Mindfulness and Tinnitus – Part 1

Marshall:    “Good morning. Come on in, and we’ll get to work”…. “… so after everything that you just told me, your main concern appears to be your tinnitus, right?”

Musician:   “Yes, I just told you that!”

Marshall:     “Can you describe your tinnitus a bit more to me?”

Musician:    “It’s B flat with two overtones; F# and A.”

Marshall:     “Well you seem to know all about it and exactly what it is”

Musician:    “Well, I am a musician and any good musician should be able to discern all of the components of the music! You don’t seem to know much about musicians”

Marshall:      “I do know a fair amount about music; after all, I am an audiologist!”

Musician:     “Now, don’t get defensive on me”

Marshall:      “Sorry- not a good way to start a session, is it? It is true that I, and all audiologists, know quite a bit about music; after all, music is just sound and although we may  use different terminology (440 Hz vs. A, and 85 dBA vs. mezzo forte), it really is the same thing. However, you are correct, that just knowing about music, does not  mean that I know about musicians.”

Musician:     “Well it’s good to know that you don’t think you know everything, but I came to you because people told me that you do know everything!”

Marshall:       “Well, I do know everything- after all I’m an audiologist, but that’s a different issue. Let’s get back to your description of your tinnitus. Most “mere humans” would describe their tinnitus as tonal-like or maybe a “hiss”. You describe your tinnitus as …. Let me look at my notes… “B flat with two overtones of F# and A.” Even before I begin, you seem to be concentrating too much on your tinnitus. Knowing that the tinnitus is at B flat with well-defined overtones, seems a bit scary- it’s almost as if you are paying too much attention to your tinnitus. You must have spent quite some time on your piano trying to figure out exactly the various components of the tinnitus.  And that could be part of your problem.”

Musician:     “So, what’s your point? Are you charging me by the hour?”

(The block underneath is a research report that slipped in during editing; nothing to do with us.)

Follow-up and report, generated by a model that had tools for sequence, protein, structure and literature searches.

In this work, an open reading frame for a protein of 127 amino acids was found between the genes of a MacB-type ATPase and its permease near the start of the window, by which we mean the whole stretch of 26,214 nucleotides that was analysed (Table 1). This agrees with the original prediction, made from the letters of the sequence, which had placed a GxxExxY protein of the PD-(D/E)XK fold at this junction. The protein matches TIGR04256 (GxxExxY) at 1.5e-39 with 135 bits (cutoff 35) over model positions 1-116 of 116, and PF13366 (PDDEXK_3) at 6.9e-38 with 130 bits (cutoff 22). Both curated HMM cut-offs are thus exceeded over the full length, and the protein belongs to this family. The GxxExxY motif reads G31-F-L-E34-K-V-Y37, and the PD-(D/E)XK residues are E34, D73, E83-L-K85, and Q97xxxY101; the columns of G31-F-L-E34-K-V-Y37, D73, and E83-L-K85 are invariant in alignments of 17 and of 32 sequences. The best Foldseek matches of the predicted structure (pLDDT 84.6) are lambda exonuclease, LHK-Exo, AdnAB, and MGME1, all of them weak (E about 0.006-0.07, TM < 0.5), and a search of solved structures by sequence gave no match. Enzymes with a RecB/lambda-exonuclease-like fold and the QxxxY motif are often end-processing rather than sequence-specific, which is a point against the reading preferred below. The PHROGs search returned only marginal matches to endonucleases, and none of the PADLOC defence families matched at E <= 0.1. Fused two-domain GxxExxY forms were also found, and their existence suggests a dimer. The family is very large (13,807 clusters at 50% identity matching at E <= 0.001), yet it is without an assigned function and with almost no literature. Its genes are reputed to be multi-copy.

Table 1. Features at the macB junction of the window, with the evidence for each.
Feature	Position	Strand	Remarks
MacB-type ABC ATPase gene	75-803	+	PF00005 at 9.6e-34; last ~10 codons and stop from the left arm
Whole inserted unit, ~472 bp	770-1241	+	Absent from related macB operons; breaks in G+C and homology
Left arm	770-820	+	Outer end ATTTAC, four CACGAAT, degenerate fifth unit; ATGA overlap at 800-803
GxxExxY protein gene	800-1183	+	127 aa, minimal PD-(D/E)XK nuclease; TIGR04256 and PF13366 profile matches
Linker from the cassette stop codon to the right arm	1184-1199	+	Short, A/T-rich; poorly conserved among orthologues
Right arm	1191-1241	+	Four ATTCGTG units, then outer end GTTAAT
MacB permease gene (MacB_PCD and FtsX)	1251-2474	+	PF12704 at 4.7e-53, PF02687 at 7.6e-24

Marshall:       “My point is that tinnitus is a very complex thing and can be related to so many different factors.   One of the elements in any tinnitus therapy program is relaxation, or finding things to do that do not involve dwelling on your tinnitus.  You need to learn to do something other than play music so that you can take your mind off of your  tinnitus. There is something called “mindfulness,” which has been taken up by many researchers and clinicians working in the field of tinnitus. When you get home, you should Google the names “Dr. Rich Tyler, PhD” and “Dr. Dick Salvi, PhD”. Both of these researchers have a good handle on ways to distract you from your tinnitus.

Musician:      “Why is it that researchers always use a short form name of “Richard”? This doesn’t sound very impressive.”

Marshall:       “In this field, all of the well-respected researchers have first names that are Richard- it’s a rule or something.” But, let me get back to the concept of “mindfulness”.  Mindfulness, according to an American scientist named Jon Kabat-Zinn, is “awareness, cultivated by paying attention in a sustained and particular way- on purpose, in the present moment and non-judgmentally.” If people pay attention to the present, and not how their tinnitus sounded last night, this process can help lessen the effects of the tinnitus. When a person is “mindful” it means that they can think about or meditate on their breathing, physical and emotional thoughts that are here and now, but not that they need to do anything about it. It’s like a time-out or finding your own reset button.

This is one thing that adults are better at  than kids. I frequently take part in a karate black belt re-certification- about once every 6 months.   This is a time when any new brown belts can be tested for their brown belts. It is a grueling test that goes on for hours (more than 10), and the way to get through it is to forget that you were just knocked down five times in a free sparring match- you need to get up, hit your reset button, and start again as if nothing has happened. The younger black belt candidates just don’t have the world experience to know where their reset button is and subsequently have a very hard time. Professional musicians have been “around the block” a few times and, in doing so, have learned how to hit their “reset button”- some drink a bit too much, some smoke a bit too much, and others do exercise. All of these work but I would be remiss if I didn’t suggest that the first two should be minimized.”

Musician:   “It almost sounds like a form of meditation that you are talking about?”

Marshall:     “Well, it is. Mindfulness can be traced back to the early Buddhist traditions of 2500 years ago. The revival isn’t so much that we have discovered Buddhism, but that current research has found that there are a number of emotional and physical benefits of finding one’s own reset button. It may be meditative, exercise or a sport (like karate), or even a hobby like reading- everyone has their own reset button- pay attention to the here and now and forget about what happened yesterday.”

Musician:    “Neat. Can you tell me more about some recent research findings on mindfulness?”

Marshall:    “No- now go away; your time is up!  Actually, part 2 of this blog will review some hearing and non-hearing related chronic problems that have been helped by mindfulness. Stay tuned.”

About Marshall Chasin

Marshall Chasin, AuD, is a clinical and research audiologist who has a special interest in the prevention of hearing loss for musicians, as well as the treatment of those who have hearing loss. I have other special interests such as clarinet and karate, but those may come out in the blog over time.

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